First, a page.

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Friday, 20 January 2017 16:10

Is the mainframe dead?


Ninety-two of the world’s top 100 banks, 23 of the world’s 25 largest airlines, more than 70% of the biggest retailers, and all top 10 insurers still rely on mainframes. With apologies to Mark Twain, “reports of its death are greatly exaggerated.”

Last September, I attended BMC Engage not because I am a mainframe writer (although old enough to remember them) but because I was going to be in Las Vegas to attend Veritas Vision and it made sense. In many respects, the messages from BMC and Veritas overlapped – both were about reinvention.

In BMC's case. its staple of mainframe management tools had expanded to cover service management (IISSM) and ITIL, workload automation, IT operation, IT automation, Cloud management (about hybrid cloud), and mainframe.

James Russell, sales and change leader, Asia Pacific at BMC Software, has penned his thoughts on the “The undead: Mainframes alive and kicking and driving digital transformation” and his words are below.

BMC James Russell header"Let’s face it, most commentators predicted the decline and eventual extinction of the mainframe. But here’s the thing. Cloud computing didn’t kill the mainframe. And disruption and the digital transformation impacting all companies has in fact given new life to the mainframe. But alas, reports of its eventual death continue."

Consider the facts.

"Ninety-two of the world’s top 100 banks, 23 of the world’s 25 largest airlines, more than 70% of the biggest retailers, and all top 10 insurers still rely on the technology to exist. There are still about 2000 mainframes in active use around the world in healthcare, retail, manufacturing, public sector, telecom, and finance.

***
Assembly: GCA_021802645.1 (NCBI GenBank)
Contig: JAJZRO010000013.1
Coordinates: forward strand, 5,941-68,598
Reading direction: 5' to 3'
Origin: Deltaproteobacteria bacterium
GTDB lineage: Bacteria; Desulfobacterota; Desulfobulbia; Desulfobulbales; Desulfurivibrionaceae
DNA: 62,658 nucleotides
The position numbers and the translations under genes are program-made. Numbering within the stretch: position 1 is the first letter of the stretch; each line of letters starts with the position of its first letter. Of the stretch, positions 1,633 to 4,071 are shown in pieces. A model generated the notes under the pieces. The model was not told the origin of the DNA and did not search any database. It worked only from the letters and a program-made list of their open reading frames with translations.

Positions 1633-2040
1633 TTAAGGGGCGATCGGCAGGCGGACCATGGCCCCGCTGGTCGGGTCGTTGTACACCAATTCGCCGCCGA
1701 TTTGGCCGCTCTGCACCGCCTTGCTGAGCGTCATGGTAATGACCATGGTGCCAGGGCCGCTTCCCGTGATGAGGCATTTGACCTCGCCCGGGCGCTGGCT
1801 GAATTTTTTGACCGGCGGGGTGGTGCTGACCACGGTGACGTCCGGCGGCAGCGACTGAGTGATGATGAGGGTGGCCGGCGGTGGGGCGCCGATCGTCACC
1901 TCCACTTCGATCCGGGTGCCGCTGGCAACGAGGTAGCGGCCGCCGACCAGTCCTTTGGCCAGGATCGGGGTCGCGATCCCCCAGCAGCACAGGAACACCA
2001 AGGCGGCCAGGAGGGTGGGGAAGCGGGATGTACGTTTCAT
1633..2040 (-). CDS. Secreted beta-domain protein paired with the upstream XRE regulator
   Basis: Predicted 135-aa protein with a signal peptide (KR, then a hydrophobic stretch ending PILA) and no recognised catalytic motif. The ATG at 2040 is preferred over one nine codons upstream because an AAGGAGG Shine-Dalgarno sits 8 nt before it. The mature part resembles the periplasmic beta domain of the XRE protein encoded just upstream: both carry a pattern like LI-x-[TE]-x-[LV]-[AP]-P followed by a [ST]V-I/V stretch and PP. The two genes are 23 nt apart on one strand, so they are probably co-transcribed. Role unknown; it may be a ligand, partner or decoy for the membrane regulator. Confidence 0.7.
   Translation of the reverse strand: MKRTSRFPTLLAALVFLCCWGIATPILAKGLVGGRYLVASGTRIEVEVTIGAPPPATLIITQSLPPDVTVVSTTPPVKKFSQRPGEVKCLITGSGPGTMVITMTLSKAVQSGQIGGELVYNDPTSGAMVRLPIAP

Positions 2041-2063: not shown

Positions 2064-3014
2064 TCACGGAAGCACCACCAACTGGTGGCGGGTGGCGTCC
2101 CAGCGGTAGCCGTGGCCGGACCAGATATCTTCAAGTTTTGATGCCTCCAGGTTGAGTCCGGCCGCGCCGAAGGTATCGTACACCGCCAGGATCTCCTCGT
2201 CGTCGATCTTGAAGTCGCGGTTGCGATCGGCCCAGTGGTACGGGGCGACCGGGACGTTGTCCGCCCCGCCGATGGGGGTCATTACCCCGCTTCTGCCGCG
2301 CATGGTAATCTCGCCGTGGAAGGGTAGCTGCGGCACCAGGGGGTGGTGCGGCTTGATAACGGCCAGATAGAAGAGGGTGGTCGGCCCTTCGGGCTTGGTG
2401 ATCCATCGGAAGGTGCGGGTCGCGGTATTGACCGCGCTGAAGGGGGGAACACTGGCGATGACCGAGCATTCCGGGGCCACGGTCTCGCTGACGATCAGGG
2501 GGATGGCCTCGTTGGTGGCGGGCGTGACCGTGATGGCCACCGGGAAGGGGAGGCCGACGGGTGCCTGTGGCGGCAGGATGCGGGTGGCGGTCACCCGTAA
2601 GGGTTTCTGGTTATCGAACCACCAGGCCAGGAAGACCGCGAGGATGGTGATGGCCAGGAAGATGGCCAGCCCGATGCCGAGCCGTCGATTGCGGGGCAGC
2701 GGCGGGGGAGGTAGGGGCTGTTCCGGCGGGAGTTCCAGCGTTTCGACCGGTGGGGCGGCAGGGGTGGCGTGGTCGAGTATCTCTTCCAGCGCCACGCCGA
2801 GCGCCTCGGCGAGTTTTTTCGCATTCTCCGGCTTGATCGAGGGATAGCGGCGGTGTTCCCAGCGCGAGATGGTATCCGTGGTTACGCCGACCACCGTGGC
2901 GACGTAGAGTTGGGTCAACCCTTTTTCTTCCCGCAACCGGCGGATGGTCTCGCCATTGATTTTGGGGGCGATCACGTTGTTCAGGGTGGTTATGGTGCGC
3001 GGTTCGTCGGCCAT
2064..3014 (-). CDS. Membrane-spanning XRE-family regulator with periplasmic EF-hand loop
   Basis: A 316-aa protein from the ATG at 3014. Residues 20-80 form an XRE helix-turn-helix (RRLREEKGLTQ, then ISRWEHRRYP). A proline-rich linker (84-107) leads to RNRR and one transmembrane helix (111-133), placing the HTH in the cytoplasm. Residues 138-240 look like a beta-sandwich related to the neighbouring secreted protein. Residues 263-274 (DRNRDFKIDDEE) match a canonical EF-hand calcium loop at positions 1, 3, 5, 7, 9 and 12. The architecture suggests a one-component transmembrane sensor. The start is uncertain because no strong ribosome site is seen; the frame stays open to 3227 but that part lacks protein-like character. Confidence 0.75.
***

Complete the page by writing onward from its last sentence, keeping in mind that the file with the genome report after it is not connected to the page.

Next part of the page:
"It may come as a surprise that digital transformation programmes across the world are driving increased activity on mainframes – the perceived 'legacy’ technology that many assumed would be phased out. The mainframe continues to prove its relevance in the era of digital business and remains for many, the most stable, secure and mature environment to support IT initiatives.

"For the 11th consecutive year, BMC Software has conducted the world’s largest mainframe survey of its kind, with 1227 executives and technical professionals (51% – Americas, 42% – EMEA, 7% – AP) sharing their experience and perspectives with the mainframe in contemporary business.

"The overwhelming message again this year was that the mainframe is here to stay.

  • Eighty-nine percent predict the platform’s long-term viability, (down 1% from 2015). The reasons for continued investment remained similar with security, availability, and superior data server capability topping the list of considerations. This was so for of all sizes and verticals moving or staying on the mainframe. This isn’t entirely surprising when you consider the growing threat landscape and the perception of the mainframe as the least volatile environment.